The real Islam

Ah yes, the real Islam – what might that be? Would we recognise it if we found it, and does it even exist?

Few of us would have thought it worth our while to enquire except for the fact that the followers of some versions of Islam have taken to blowing us up and chopping our heads off, quoting suspiciously plausible verses of the Koran as justification. Not only that but our leaders routinely tell us that jihadist groups have nothing to do with the real Islam. Can it really be the case that they are in a position to tell unreal Islam from real Islam? They never spell out what the real Islam is beyond platitudes such as “a great salvation religion” or “a great historic faith which has brought spiritual nourishment to millions”. Perhaps they are just making it up.

Here is a selection of views on the subject taken from a trawl round the internet:

“Anyone who knows the real Islam knows that Islam is love.”

“Islam is a collective psychosis seeking to become global, and any attempt to compromise with such madness is to become part of the madness itself.”

“Islam is as diverse as Muslims themselves”.

“True Islam (Submission) is like a precious jewel that is buried under piles of man-made innovations and social traditions that have little to do with the religion.”

“[Islam is] an impious, blasphemous, vicious cult, an invention of the devil, and the direct way into the fires of hell. It does not even merit the name of being called a religion.”

“Islam is not simply a religion. Islam is a socio-political system. It is a socio-political, socio-religious, socio-economic, socio-educational, socio-judicial, legislative, militaristic system cloaked in, garbed in religious terminology.”

“Islam – not so much a religion, more a personality disorder.”

“I start from the principle that Islam is what Muslims say it is”.

“There is no “true Islam” in Islam. There has never been any central “authority” in Islam that could define such a thing.”

What do other interested parties tell us?

Let us dispose of the silliness first. There is a strain of thought among academics called non-essentialism. Its adherents would have us believe that Islam, like everything else, has no essence therefore Islam can be whatever you like. This is because non-essentialism means that “for any given kind of entity, there are no specific traits which entities of that kind must possess”. It has been said that non-essentialism is itself an essentialist position but I’ll leave that one to you – it hurt my head. I’ll just suggest that it is one of those ideas which are so ridiculous that only intellectuals could entertain them.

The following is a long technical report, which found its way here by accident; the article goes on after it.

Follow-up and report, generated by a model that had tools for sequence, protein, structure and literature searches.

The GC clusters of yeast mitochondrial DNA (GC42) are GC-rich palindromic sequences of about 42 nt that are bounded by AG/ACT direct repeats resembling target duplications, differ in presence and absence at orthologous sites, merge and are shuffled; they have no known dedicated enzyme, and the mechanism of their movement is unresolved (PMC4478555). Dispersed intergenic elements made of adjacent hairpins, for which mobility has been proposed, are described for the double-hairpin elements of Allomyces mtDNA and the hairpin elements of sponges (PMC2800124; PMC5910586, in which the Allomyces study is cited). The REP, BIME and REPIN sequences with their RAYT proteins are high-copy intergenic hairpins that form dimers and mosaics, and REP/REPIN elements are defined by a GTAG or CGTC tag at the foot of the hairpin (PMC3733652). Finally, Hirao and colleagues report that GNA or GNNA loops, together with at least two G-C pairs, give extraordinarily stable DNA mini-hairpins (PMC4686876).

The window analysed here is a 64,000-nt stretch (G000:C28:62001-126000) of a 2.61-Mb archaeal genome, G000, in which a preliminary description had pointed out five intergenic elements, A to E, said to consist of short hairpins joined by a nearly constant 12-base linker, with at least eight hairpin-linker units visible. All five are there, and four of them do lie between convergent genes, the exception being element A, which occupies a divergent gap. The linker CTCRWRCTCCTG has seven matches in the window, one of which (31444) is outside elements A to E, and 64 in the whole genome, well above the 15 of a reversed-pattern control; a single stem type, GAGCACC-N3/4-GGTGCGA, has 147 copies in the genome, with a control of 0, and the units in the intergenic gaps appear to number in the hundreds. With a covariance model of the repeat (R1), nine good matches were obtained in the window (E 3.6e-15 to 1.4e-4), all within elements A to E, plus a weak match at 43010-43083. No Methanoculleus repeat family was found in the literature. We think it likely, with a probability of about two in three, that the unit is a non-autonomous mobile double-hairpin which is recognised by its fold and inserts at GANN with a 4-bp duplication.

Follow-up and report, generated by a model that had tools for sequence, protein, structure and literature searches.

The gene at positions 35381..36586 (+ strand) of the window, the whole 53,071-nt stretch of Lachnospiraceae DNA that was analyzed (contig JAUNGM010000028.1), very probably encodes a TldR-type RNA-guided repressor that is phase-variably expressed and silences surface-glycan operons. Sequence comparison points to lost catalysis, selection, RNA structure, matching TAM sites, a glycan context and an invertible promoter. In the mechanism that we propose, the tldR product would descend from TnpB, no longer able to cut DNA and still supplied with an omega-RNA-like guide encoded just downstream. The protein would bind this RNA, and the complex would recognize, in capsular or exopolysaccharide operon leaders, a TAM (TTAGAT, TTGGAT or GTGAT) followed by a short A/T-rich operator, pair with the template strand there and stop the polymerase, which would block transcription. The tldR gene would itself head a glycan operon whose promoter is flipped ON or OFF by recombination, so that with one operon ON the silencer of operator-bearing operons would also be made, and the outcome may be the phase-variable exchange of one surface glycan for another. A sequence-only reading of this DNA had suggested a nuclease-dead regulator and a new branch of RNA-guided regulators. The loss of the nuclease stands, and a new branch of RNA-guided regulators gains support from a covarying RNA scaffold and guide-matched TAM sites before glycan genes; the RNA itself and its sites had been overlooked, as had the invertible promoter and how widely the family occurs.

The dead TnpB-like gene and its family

That is not to say that the usual deceptive apologists do not recognise a useful button when they see one. Mehdi Hasan says “Where is the book of Sharia law? It doesn’t exist. People argue over what Sharia law is.” This is merely the usual Mehdi sleight of hand. There is such a thing as Sharia law and although there are differing interpretations there is in fact a great degree of uniformity between the four Sunni schools of jurisprudence. The major variations we see around the world come largely from the differing amount of sharia adopted by different countries.

His transatlantic counterpart Reza Aslan tells us that “All religions are infinitely malleable”. They certainly are finitely malleable around the edges but if there is ever an Islam in which Allah is regarded as part of a trinity then surely it is Islam no more. Reza should try dropping into his local mosque and suggesting it.

Closely related is the view of one CofE participant in the interfaith dialogue charade :

“I start from the principle that Islam is what Muslims say it is”

This prompts the obvious question “Which Muslims?” Are we to give more credence to the Muslims of IS or Al-Azhar or Quilliam or to Ibn Kathir or Caliph Ali or the wild-eyed dawah man on the High Street every Saturday? If you are not willing to distinguish between authentic or inauthentic versions then the logical conclusion must be that there are 1.6 billion Islams and therefore none.

Those most seriously concerned with the question of course are Muslims themselves, ever mindful of hellfire. A hadith attributed to Abu Dawood recalls Mohammed saying:

“My people will be divided into 73 sects, all of them will be in the fire except one.” The companions asked, ‘Who are they O Messenger of Allah,’ Holy Prophet (peace be upon him) said, “They are those who will be like me and my companions.”

So the gold standard here is clearly the example of Mohammed and his original followers. With odds of 72 to 1 against avoiding eternity in the fire, it is clearly a matter of some importance for Muslims to get it right. That is why various sects look back in history attemping to identify the version most in accordance with the original, authentic Islam.